Quoting the ruling given in Bai Tahira where Justice Krishna Iyer held that “…The payment of illusory amounts (referring to ‘Mehar’) by way of customary or personal law requirement is to be considered within the reduction of maintenance rate but cannot annihilate that rate unless it’s a reasonable substitute.” (p.82, Bai Tahira), the SC in this case held “…there is no escape from the conclusion that a divorced Muslim wife is entitled to apply for maintenance under section 125 and that, Mehar isn’t a sum which, under the Muslim Personal Law, is payable on divorce.”


Article 44 of the Directive Principles in the Constitution, directs the state to provide for its citizens a Uniform Civil Code throughout the territory of India. C.J Chandrachud while giving judgment stated the need to implement the same. He said “A common civil code will help the cause of national integration by removing disparate loyalties to laws which have conflicting ideologies. A beginning has to be made if the Constitution is to have any meaning.” This simulated the debate on the Uniform Civil Code in India.

Shah Bano’s case judgment was criticized by many Muslims especially Muslim scholars. They considered this decision in conflict with the rules of the Quran and Islamic Laws/Islam. Subsequently, the Parliament of India in 1986 decided to enact the Muslim Women (Protection Of Rights Of Divorce) Act, 1986. Protecting the rights of the divorced Muslim Women and or those who have got divorced from their husbands, were the main objective of this act. Under this act:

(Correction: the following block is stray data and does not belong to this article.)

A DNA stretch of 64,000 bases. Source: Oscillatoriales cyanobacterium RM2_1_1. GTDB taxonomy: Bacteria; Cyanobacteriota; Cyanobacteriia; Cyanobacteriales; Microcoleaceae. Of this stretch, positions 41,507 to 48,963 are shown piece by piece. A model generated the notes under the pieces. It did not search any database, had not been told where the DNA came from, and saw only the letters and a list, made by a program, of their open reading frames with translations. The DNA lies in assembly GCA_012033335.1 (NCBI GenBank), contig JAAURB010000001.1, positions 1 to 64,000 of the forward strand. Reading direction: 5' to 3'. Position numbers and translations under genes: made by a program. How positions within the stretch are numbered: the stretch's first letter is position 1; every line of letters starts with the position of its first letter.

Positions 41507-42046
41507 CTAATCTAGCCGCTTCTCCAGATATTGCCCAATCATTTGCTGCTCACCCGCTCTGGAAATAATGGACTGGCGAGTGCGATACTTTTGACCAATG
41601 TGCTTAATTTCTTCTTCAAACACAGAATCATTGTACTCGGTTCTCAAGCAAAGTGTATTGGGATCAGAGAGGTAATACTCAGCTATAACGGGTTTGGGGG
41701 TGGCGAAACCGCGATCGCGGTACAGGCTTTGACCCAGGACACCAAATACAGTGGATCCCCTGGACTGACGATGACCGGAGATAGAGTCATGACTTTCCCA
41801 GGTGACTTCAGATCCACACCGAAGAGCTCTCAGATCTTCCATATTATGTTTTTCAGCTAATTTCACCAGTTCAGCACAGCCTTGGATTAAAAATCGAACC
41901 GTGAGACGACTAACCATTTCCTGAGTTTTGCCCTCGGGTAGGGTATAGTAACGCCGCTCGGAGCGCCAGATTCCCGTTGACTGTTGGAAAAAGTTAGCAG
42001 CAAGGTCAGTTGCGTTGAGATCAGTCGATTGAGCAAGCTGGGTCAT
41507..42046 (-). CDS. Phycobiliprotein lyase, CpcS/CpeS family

• Muslim divorced women ought to be entitled to an adequate and reasonable sum of maintenance till the Iddat period. 
  • When a divorced woman keeps up a child born by her anytime, sometime recently or after the divorce, the spouse is under a legal obligation to supply a certain whole of maintenance for the child to a period of 2 yrs.
  • From the birth date of a child. The women are also authorized to get “Mehar” or “dower” and get back all the properties or estate which is given to her by her guardians, companions, relatives, husband, or husband’s friends.


Though the court took a long time the decision of rejecting the appeal is very historic because it keeps up the truth and faith of the individuals in the judiciary. This judgment has marked the significance of maintenance which ought to be given to the divorced Muslim women who are not in the condition to earn and maintain themselves.  The Shah Bano judgment pulled in a lot of opposition with authoritative bodies being against the decision for the reason of it being against the provisions of Islamic law, but SC passed the impartial judgment and at last, it had maintained the trust and faith of citizens in the judiciary. This lead to enactment of the Muslim Women (Protection of Rights on Divorce) Act, 1986 which given Muslim women receiving a huge, one-time payment from their husbands amid the period of Iddat, instead of a maximum month to month payment of ₹500 – an upper limit which has since been expelled.